Coiled tubing

Coiled Tubing-2020

The papers summarized in this year’s feature demonstrate the application and versatility of coiled-tubing-based solutions to different phases of a well’s lifecycle, from exploration through production and, finally, to abandonment.


As I think about this year’s Coiled Tubing feature, we are all in the midst of the effects of COVID-19 social distancing, an oil-price crash, and high levels of oil in storage. What will the world—and the oil industry, in particular—look like in a couple of months? Certainly, cash flow is going to be king among the various financial metrics. What can deliver results quickly and at a comparatively lower cash requirement? In many ways, these factors have played into the coiled tubing segment’s growth over the past couple of decades (i.e., delivering value). Will tomorrow be the same as just a few short months ago? In one sense—market size—no, but in another sense—as a segment that has always sought out and applied innovative, cost-effective solutions—yes.

The papers summarized in this year’s feature demonstrate the application and versatility of coiled-tubing-based solutions to different phases of a well’s lifecycle, from exploration through production and, finally, to abandonment.

In an exploration well, using coiled tubing to perform a drillstem test (DST) and potentially stimulate a zone of interest has long been a desire because it is perceived to be a cost-effect method over more-traditional methods. Paper SPE 199853 details the development and initial use of such a system that includes surface real-time readout, always desirable in a DST.

Moving into the later days of a well’s production phase, artificial lift typically is used to overcome the limitations of falling bottomhole pressure. In paper IPTC 19930, a detailed overview of a coiled tubing gas-lift installation is given, together with some of the production analysis used to determine the installation’s configuration. This technique has been used for several years around the globe, and some useful insights are shared by the authors.

Finally, coming to the end of a well’s lifecycle, is well abandonment. This is always a cost-sensitive lifecycle phase, even before today’s paradigm. The final paper of this year’s selection demonstrates how a coiled-tubing-based approach enabled a cost-effective plug and abandonment to be achieved while still meeting local regulatory requirements.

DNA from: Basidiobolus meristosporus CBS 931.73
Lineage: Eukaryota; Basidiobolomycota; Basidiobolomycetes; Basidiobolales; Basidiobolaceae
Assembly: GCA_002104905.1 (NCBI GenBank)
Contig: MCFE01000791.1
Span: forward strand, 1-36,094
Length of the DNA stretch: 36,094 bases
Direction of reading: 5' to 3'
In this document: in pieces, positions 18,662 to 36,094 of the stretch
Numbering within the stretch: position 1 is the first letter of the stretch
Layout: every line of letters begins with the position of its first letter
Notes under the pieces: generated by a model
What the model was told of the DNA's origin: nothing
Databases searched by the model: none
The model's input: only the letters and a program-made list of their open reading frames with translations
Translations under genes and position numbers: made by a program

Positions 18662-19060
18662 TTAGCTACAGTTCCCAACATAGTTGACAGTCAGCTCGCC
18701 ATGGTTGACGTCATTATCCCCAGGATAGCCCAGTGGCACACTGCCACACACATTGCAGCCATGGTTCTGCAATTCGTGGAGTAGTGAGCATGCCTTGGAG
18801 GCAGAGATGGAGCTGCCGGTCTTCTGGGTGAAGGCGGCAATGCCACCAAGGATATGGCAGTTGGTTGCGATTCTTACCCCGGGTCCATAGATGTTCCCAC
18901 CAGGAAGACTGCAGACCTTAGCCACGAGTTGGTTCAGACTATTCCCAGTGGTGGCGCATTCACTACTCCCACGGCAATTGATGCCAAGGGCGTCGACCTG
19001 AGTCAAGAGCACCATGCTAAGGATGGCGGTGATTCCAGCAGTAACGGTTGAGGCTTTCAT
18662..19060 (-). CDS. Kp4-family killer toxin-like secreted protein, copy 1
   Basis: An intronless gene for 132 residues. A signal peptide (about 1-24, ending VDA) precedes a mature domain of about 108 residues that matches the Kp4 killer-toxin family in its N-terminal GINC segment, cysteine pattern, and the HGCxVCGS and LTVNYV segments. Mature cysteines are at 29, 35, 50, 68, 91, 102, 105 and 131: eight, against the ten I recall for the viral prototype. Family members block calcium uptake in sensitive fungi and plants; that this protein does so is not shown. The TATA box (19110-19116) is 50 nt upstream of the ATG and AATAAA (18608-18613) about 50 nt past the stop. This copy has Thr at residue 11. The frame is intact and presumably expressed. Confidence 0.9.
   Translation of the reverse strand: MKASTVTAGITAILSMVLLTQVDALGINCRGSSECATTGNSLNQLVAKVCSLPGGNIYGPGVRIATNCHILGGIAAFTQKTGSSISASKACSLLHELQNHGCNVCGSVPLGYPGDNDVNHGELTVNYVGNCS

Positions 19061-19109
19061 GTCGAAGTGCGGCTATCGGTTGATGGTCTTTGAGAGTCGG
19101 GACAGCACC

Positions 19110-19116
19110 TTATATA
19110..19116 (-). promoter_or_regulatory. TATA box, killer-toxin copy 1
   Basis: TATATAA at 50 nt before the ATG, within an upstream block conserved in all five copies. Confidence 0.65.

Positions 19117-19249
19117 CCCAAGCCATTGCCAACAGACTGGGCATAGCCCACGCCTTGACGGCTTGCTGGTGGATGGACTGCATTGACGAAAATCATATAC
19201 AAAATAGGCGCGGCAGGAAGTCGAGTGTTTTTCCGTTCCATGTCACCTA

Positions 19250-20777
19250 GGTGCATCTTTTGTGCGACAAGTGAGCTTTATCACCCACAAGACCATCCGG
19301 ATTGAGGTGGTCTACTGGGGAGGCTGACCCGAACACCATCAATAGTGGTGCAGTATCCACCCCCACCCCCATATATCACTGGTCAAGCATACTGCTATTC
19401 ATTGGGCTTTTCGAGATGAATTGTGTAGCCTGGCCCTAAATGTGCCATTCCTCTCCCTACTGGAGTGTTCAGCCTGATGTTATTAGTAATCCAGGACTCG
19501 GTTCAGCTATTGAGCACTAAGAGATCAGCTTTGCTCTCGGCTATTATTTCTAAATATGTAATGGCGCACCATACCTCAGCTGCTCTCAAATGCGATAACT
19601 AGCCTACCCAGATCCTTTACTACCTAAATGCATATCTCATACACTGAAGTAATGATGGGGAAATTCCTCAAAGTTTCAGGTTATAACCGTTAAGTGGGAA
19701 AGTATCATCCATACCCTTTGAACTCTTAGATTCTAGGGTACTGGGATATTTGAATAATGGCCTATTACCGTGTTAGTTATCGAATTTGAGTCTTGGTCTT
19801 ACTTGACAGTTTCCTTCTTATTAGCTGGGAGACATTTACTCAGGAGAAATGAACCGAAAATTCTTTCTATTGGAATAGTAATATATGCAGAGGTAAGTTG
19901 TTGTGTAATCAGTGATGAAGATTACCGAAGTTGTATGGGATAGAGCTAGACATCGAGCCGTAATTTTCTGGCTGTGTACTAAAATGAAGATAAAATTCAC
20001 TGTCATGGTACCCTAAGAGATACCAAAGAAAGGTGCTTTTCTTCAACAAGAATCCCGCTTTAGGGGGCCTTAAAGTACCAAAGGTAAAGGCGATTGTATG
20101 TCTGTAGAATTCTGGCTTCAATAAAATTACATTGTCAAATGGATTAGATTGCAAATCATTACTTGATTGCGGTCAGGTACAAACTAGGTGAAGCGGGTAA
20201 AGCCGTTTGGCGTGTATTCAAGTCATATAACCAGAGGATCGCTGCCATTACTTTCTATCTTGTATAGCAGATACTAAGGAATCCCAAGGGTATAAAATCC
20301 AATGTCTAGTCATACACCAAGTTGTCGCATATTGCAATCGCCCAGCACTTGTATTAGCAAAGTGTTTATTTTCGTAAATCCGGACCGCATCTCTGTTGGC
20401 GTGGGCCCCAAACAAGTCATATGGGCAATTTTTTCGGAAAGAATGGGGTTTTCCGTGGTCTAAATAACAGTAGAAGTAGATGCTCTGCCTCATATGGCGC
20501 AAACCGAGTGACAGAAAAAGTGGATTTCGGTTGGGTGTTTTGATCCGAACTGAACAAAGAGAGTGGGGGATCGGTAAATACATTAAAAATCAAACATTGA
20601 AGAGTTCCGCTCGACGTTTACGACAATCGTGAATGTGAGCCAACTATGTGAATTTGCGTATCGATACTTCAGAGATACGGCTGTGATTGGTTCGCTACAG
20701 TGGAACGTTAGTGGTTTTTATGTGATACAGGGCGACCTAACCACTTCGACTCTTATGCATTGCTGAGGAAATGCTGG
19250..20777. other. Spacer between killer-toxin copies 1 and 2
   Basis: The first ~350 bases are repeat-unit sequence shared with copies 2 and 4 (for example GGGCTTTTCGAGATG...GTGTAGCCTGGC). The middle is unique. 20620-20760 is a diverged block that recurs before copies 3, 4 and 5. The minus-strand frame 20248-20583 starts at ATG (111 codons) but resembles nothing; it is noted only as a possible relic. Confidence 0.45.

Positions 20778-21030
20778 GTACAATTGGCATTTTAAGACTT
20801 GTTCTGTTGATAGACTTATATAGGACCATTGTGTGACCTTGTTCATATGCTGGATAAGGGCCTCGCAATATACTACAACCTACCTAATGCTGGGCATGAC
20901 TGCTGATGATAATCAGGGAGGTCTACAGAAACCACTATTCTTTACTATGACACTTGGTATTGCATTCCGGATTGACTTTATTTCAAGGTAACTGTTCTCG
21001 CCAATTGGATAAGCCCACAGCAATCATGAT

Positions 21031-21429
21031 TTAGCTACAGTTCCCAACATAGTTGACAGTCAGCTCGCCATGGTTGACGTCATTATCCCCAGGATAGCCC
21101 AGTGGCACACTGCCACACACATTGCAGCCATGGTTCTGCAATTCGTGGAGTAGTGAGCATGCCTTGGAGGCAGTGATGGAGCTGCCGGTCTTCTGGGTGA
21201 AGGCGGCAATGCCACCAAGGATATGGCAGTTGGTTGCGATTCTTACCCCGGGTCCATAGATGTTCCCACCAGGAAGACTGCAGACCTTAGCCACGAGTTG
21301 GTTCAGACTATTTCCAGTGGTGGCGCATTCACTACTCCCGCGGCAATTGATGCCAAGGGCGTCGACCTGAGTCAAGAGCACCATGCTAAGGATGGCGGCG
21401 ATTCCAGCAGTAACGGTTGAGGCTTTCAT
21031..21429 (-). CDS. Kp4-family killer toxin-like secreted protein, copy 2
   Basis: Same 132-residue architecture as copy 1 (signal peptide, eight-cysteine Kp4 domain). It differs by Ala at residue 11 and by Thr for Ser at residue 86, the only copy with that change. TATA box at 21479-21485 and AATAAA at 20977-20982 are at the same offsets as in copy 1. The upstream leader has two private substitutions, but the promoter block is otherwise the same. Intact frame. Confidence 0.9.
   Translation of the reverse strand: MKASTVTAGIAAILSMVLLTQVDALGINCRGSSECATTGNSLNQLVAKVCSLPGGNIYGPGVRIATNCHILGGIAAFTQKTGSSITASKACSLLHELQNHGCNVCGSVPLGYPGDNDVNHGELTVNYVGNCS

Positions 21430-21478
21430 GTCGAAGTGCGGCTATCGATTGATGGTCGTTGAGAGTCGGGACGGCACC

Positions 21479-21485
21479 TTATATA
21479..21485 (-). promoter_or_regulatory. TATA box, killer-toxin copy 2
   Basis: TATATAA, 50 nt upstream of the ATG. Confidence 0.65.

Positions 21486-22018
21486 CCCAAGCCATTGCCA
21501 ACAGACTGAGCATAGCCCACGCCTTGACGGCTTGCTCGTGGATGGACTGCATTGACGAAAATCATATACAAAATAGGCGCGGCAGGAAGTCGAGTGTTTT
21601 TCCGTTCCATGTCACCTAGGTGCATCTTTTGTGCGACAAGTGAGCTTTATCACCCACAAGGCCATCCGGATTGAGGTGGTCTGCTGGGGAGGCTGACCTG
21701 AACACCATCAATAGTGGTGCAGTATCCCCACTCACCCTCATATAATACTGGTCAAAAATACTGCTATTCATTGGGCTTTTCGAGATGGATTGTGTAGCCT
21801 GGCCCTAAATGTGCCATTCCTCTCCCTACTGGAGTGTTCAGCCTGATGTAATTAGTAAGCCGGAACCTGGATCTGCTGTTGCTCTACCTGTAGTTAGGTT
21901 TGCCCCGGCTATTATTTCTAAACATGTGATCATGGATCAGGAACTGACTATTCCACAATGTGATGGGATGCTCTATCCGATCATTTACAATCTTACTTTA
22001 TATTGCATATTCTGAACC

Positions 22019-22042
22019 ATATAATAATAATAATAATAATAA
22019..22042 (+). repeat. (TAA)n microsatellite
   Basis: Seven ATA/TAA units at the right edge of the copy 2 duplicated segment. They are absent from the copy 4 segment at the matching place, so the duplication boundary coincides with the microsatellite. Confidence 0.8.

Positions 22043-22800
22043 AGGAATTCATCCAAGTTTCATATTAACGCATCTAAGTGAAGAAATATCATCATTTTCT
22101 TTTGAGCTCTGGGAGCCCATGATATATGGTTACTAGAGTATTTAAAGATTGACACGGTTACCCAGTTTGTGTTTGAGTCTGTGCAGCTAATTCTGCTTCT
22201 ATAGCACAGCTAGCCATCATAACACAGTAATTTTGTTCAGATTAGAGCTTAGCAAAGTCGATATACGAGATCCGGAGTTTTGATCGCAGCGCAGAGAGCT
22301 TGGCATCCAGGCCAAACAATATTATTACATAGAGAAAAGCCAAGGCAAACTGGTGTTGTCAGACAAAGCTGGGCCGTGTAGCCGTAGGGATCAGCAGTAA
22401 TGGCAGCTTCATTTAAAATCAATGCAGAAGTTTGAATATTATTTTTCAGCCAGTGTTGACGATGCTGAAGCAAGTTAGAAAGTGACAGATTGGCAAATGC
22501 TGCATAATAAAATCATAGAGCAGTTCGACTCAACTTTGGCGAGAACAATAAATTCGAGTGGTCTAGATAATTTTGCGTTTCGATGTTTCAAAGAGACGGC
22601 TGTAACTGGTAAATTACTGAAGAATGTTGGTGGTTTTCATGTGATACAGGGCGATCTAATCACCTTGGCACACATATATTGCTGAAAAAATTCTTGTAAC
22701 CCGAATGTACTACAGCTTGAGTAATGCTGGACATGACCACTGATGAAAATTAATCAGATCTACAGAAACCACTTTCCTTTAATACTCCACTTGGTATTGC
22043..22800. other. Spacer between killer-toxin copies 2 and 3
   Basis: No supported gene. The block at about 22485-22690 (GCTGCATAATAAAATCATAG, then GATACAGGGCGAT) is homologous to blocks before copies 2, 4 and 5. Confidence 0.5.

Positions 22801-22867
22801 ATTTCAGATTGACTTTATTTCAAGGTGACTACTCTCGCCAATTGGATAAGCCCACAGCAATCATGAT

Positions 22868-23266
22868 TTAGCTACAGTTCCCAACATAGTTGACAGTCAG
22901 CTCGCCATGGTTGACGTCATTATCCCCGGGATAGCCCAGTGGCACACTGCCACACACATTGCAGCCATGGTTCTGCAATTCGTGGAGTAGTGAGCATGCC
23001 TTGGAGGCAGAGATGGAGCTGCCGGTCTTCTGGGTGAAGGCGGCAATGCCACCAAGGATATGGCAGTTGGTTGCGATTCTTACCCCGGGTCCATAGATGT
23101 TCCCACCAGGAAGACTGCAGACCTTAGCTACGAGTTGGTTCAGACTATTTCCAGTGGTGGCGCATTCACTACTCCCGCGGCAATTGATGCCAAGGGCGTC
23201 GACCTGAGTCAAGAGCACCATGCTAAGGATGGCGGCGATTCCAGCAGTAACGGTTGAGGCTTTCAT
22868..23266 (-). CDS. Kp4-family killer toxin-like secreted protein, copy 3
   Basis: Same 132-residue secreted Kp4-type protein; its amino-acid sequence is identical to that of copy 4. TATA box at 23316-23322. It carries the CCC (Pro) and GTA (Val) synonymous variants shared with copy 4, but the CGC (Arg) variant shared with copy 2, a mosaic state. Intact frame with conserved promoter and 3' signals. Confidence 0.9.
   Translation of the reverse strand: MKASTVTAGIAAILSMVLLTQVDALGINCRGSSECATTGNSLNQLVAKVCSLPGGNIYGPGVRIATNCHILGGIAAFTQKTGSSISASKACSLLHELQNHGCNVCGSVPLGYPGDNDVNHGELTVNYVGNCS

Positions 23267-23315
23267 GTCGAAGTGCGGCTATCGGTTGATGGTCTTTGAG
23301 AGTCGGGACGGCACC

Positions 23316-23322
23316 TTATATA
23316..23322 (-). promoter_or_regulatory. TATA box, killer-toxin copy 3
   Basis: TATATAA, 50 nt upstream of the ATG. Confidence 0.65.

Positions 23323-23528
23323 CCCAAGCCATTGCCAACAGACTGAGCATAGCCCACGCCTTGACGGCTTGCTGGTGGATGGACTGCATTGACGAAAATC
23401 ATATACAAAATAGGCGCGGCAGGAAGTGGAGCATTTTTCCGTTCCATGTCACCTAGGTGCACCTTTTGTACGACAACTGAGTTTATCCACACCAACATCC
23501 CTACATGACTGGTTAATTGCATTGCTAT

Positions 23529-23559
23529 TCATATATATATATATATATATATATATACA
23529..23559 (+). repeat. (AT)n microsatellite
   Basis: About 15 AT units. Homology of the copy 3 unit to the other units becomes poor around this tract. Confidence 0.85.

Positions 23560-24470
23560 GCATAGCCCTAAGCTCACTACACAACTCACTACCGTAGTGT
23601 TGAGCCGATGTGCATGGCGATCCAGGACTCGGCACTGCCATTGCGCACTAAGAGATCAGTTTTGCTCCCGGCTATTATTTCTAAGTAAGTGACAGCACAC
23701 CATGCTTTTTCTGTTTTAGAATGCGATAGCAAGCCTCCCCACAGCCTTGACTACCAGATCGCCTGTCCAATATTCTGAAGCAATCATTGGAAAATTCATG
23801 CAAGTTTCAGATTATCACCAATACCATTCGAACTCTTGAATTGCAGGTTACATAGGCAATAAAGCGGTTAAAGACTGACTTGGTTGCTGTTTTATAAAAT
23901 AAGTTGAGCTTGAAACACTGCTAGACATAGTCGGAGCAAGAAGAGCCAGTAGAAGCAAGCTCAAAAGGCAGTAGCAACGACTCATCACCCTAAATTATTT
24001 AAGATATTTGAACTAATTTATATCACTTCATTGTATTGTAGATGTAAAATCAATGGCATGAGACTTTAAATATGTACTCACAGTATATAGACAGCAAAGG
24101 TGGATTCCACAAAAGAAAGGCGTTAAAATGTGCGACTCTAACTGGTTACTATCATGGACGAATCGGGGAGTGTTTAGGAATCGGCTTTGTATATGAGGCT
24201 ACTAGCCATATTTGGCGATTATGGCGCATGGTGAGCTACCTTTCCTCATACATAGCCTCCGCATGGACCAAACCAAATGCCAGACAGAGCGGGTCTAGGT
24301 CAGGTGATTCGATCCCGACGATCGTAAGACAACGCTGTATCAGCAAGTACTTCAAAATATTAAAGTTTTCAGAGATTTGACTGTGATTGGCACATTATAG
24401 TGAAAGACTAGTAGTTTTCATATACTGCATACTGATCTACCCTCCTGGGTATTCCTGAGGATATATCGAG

Remember, you may need to distance physically but you can stay connected by making use of, and participating in, your Society of Petroleum Engineers.

Stay well, everyone.

SPE 199829 A Force To Be Reckoned With: The Effects of Extended-Reach Tools on Plug Mill-Out Operations by Jason M. Skufca, Nine Energy Service

IPTC 19737 Innovative Hydraulic Tractor Allows for Stimulation of Large-Diameter Openhole Multilateral Extended-Reach-Drilling Wells by M. Guiza, Saudi Aramco, et al.

SPE 199859 High-Strength Coiled Tubing—How Is Fatigue Life Affected by Slip Damage? by Scott Sherman, Nexus Energy Technologies, et al.

IPTC 20084 Novel Application of Magnetic-Flux-Leakage-Based Technology Validating Pipe Elongation in Coiled-Tubing Drilling Operation by Kevin Wiranata, Schlumberger, et al.

SPE 197177 Industry-First Hybrid Technology for Coiled-Tubing Services Combining Fiber-Optic and Electric Line, Enabling Downhole Power and Real-Time Communication for the Next-Generation Decision-Making Process With Wider Downhole Insight by Vanessa Vera, Halliburton, et al.

This Month's Technical Papers

Testing Tool Conveyed by Coiled Tubing Enables Multiple Tasks in One Run

Coiled Tubing Gas Lift Revives Dead Wells in South Pakistan

Coiled Tubing Sets Packers Precisely During Offshore Well Abandonment

Recommended Additional Reading

Alex Crabtree, SPE, is a principal engineer with Oceaneering International based in Houston. He has more than 37 years of experience in the upstream oil and gas industry. Crabtree holds a BS degree in mechanical engineering. He has worked in Southeast Asia, the Middle East, Europe, North America, and South America, both onshore and offshore. Crabtree previously worked with an exploration and production operating company and within the oilfield-services-company sector, holding various engineering and management posts in research and development, field operations, downhole-tool design, and technology implementation. He has authored several SPE papers and is a past program-committee chairperson for various SPE conferences and SPE Applied Technology Workshops. Crabtree is the chairperson for the SPE Well Integrity Technical Section, was an SPE Distinguished Lecturer in 2001–02, and is a member of the JPT Editorial Committee.